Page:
I came here after reading your article on soy on the Natural News website. I found your article interesting as I - like many others I expect - had read much about the health benefits of soy. So I decided to read more and follow the source links at the bottom of the article.I would just like to say that I think that you are right to be skeptical and worried about where this information is coming from--it is a sign that you are an invested reader and do not blindly take information at face value. I find it interesting that you find limited sourcing for their articles. This is going to be a matter I will have to look in to in the future.
That led me to the 'Soy Online Service' which you have extensively used for references in this Blogger post and in your Natural News article. What I saw there worried me. 'Soy Online Service' describes itself as: "a small group of private citizens with a mission to inform the public of the truth about soy". Looking around their website, there is no information on who this group of "private citizens" are or what their qualifications are. They denigrate soy with references to "independent research" but don't provide any source references and don't publish any research reports on their site.
Their "testimonials" attacking soy seem to be too well written to be true (they look like they are professionally written), and there seems to be an underlying theme through many of them about how bad soy tastes (that seems strange because to me soy has a fairly bland taste).
I am therefore wondering, just wondering, given that website is based in New Zealand, whether we are all being hoodwinked not by a group of "private citizens" but by a group of "dairy farmers".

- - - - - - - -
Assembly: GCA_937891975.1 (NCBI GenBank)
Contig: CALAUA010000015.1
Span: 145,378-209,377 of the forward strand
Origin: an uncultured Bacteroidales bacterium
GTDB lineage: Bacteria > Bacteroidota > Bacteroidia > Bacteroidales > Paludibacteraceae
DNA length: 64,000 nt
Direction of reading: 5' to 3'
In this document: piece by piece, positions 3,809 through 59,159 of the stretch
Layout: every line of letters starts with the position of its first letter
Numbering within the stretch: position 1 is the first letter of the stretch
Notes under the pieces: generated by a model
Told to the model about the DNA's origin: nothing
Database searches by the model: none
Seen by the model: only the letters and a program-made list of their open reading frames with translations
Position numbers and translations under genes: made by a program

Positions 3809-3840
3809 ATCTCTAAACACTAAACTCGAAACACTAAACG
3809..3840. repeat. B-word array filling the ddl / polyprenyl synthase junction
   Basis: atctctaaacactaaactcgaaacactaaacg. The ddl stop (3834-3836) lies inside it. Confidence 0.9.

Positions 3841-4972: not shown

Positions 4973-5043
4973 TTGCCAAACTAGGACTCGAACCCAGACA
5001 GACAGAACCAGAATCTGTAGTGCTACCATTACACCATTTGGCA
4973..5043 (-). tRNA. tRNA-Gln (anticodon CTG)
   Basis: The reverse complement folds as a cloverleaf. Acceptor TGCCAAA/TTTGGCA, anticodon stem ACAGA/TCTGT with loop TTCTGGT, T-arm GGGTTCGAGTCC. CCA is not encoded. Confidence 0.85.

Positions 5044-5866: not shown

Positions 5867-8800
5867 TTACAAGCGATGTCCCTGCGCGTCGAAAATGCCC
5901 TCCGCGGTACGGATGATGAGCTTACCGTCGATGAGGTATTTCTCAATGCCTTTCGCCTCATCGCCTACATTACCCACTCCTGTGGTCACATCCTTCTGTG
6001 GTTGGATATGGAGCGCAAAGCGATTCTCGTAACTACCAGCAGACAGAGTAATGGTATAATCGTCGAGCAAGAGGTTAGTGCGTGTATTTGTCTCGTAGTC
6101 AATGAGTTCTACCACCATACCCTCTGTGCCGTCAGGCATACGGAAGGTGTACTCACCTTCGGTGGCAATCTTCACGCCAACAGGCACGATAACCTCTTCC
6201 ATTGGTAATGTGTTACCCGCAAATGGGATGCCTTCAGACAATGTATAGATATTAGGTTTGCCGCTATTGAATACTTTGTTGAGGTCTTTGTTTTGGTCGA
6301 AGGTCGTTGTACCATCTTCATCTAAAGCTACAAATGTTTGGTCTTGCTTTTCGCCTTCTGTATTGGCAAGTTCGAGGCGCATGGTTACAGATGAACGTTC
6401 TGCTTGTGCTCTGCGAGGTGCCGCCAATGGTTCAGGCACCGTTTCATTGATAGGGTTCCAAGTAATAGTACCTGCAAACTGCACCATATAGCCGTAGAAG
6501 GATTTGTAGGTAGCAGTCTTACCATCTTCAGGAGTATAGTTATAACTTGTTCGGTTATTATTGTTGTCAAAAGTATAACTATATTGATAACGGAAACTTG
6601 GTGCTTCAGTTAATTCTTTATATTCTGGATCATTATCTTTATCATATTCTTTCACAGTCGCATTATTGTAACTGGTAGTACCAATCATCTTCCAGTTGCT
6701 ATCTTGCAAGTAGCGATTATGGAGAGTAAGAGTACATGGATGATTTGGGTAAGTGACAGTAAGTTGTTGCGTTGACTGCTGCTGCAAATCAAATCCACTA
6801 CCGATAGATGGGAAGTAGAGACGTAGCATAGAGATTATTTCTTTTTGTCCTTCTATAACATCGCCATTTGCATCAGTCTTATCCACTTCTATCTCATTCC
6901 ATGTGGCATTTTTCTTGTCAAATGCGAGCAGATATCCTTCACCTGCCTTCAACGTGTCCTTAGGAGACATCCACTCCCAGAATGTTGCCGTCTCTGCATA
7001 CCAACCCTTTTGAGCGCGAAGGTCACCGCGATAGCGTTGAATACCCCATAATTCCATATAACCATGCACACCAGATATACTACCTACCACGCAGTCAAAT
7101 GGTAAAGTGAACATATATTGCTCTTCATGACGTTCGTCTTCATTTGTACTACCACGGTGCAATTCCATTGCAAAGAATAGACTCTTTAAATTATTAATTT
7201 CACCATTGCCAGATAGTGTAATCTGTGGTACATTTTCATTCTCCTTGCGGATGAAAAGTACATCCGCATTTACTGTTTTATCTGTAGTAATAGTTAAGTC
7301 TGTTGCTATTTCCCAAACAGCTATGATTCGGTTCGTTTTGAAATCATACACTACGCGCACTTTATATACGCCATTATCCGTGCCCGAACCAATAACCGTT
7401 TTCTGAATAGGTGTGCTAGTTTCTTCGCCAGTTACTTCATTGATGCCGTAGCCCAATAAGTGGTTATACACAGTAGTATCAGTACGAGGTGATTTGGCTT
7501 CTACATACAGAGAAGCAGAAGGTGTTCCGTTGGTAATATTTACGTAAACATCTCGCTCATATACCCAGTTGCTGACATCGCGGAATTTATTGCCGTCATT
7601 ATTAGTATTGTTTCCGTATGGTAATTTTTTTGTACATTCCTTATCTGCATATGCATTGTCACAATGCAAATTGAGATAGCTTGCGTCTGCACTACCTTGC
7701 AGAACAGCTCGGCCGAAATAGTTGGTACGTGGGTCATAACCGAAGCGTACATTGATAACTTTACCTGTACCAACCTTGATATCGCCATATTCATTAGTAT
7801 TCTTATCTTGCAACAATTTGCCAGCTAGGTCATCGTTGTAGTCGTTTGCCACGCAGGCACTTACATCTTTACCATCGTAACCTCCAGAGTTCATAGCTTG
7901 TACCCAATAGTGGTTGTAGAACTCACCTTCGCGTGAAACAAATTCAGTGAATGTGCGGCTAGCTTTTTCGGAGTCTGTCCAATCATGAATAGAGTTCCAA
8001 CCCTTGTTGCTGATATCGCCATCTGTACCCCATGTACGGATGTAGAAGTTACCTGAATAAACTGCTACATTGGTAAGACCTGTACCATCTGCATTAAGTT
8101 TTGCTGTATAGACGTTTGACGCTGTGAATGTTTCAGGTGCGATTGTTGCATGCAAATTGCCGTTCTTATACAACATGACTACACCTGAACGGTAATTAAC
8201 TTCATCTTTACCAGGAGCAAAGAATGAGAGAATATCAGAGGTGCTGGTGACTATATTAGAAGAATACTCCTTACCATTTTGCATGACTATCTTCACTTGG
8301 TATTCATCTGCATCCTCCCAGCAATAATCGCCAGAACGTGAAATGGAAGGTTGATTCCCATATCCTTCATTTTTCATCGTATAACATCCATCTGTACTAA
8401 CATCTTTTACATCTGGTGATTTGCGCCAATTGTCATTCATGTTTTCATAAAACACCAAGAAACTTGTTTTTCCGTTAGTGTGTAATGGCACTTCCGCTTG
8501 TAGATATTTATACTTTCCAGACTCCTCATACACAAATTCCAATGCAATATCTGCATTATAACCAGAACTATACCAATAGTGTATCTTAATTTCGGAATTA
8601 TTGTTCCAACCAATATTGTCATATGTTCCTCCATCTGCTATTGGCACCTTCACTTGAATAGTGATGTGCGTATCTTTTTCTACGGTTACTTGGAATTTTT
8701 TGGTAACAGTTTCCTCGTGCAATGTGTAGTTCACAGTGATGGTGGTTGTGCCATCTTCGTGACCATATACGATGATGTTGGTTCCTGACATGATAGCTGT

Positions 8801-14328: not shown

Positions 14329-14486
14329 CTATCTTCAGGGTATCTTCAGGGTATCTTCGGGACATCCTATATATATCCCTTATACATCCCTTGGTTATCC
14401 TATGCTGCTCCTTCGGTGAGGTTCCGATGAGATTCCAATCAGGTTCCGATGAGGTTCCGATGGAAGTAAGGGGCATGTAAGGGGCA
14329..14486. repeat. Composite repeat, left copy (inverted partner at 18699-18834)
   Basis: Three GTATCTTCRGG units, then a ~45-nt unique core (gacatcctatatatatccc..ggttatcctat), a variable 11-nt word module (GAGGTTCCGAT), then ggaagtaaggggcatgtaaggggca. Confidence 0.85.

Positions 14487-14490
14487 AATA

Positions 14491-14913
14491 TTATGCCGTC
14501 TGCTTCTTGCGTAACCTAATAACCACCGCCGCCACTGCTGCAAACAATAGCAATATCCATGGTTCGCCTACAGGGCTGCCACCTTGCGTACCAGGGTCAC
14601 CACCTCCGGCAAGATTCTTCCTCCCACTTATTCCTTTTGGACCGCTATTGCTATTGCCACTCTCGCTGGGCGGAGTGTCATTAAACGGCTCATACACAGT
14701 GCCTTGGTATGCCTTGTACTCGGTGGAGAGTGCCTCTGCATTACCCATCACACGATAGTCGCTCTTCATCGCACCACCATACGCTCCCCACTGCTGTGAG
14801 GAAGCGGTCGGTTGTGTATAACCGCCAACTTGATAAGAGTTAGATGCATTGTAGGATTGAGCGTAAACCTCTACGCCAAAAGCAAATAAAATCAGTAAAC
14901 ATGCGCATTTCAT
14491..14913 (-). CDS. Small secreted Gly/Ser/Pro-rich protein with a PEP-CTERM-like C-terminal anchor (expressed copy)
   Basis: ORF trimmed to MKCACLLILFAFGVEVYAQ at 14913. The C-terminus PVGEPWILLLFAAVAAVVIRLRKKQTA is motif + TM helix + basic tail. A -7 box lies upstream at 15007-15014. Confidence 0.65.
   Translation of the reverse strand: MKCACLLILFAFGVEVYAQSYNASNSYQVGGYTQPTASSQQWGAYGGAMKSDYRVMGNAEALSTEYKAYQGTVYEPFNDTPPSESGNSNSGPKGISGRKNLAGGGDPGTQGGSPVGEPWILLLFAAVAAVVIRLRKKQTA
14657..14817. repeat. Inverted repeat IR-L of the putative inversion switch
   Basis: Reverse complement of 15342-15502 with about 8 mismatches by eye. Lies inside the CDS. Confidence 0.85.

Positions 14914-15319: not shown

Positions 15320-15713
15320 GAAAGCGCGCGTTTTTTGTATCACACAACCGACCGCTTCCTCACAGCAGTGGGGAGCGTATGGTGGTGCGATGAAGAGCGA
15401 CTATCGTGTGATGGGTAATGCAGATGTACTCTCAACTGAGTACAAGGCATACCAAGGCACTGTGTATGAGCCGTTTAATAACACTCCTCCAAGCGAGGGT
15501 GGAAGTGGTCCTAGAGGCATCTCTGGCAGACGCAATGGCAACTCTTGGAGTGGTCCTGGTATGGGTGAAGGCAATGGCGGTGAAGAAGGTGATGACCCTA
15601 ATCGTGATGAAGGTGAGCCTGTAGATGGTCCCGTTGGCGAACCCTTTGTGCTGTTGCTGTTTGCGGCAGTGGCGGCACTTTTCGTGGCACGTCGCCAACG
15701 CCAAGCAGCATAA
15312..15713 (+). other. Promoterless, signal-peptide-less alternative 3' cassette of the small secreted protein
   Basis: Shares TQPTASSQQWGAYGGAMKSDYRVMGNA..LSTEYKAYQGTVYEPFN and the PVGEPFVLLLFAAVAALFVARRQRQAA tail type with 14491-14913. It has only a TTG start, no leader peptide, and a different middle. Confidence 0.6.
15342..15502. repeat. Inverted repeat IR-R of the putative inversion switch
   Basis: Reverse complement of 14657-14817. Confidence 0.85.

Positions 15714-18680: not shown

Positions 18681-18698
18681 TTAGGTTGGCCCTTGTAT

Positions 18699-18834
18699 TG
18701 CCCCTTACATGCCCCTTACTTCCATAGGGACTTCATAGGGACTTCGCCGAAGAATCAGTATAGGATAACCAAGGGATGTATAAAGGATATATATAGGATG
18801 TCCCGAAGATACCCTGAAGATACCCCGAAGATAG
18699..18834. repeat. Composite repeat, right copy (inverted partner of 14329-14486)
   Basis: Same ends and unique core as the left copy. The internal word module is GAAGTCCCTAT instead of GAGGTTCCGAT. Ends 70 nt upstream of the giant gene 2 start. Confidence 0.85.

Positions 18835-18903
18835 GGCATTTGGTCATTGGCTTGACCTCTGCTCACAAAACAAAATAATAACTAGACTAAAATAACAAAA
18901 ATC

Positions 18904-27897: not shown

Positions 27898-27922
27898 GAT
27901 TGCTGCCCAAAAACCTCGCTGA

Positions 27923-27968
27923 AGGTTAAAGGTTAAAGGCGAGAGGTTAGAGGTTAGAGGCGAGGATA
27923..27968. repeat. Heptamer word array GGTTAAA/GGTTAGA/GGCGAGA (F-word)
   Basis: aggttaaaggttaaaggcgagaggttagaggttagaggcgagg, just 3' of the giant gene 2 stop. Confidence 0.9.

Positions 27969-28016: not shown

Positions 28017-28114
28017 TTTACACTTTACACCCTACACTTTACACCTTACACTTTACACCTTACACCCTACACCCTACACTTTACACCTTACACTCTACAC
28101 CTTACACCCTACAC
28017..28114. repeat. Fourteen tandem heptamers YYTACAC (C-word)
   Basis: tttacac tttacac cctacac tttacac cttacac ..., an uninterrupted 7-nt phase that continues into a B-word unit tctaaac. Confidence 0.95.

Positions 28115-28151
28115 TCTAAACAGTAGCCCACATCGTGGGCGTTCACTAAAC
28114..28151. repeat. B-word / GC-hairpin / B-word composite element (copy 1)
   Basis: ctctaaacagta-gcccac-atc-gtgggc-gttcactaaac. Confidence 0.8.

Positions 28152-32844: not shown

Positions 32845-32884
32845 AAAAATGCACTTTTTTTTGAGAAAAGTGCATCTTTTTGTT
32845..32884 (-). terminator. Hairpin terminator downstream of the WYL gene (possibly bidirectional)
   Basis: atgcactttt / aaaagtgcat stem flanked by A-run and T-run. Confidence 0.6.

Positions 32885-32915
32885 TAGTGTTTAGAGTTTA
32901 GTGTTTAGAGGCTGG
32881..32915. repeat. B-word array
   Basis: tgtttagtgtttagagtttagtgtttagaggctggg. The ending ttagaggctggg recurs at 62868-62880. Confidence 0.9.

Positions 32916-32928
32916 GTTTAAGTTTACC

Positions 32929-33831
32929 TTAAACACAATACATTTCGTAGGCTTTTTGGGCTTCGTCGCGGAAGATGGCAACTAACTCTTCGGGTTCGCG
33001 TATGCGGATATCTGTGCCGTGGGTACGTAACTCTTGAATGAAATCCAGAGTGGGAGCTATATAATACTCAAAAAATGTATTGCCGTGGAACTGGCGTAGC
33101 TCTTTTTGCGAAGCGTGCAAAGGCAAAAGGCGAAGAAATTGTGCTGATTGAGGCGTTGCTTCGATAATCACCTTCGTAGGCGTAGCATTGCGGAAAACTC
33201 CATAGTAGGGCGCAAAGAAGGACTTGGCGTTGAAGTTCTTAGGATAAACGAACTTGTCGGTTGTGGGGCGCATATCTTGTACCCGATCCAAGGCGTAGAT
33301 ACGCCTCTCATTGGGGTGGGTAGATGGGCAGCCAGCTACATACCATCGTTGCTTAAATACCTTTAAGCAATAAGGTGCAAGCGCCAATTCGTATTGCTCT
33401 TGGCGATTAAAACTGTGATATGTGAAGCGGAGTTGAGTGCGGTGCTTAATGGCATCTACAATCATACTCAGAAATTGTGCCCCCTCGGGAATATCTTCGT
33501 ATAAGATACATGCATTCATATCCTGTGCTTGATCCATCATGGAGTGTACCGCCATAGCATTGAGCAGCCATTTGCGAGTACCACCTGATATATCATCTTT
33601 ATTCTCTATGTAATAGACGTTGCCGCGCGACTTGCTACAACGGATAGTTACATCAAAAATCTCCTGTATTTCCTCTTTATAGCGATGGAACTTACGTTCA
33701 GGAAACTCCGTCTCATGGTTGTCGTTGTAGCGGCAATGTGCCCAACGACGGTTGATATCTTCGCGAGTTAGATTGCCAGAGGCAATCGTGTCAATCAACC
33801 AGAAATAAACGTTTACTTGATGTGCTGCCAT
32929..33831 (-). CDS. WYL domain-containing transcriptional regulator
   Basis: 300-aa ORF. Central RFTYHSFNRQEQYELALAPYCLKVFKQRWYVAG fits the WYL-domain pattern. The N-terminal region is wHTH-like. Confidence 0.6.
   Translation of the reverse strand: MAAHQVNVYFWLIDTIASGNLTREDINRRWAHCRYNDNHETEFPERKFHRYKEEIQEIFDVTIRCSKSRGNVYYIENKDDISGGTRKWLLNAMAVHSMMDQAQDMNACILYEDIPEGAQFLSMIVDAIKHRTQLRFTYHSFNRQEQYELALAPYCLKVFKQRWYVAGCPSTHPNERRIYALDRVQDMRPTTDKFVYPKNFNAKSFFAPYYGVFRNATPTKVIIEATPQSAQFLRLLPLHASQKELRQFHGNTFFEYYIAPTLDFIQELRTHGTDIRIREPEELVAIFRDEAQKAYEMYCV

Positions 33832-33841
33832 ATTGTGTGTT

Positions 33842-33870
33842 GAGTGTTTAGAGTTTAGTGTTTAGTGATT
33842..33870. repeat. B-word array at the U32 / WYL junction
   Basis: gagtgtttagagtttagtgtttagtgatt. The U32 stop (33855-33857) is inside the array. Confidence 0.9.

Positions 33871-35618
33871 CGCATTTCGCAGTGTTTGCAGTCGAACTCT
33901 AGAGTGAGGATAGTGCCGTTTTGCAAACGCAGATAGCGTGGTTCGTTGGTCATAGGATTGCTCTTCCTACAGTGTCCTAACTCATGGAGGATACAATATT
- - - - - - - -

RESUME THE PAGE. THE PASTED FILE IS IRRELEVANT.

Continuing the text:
I am not challenging your observations on soy, because I haven't researched the issue enough myself, but I am concerned that you are basing your articles on what appears to be quite unsubstantiated sources.
There is so much 'information' and 'counter-information' about natural health (you know, one day there's an article about how bad coffee is for you, the next day there's another one that says quite the opposite) that I have learned to be skeptical from both sides, but there does seem to be far more independent research published supporting the health benefits of soy against research that says the opposite (and I am excluding research financed by the soy industry).
One thing that I do know is that everyone's bodies react to different foods and substances in different ways. Even some healthy foods can't be tolerated by some people, so it does not surprise me that you may have had problems with soy. But I am wondering whether what you read on the 'Soy Online Service' was simply what you wanted to hear. It's easy to be convinced in that frame of mind.
Me . . . I'm much more of a skeptic about anything I read on the Internet - especially a website where people are not prepared to identify themselves or their experience.
I thank you for your honest criticism, and I would just like to assure you that my conclusions about soy were not solely reached from this one website: I have been gathering information, both personal and scientific, from varying sources over the years. I used soy online service just as kind of a reference to which a lot of the things I had read about were found.
Thank you again!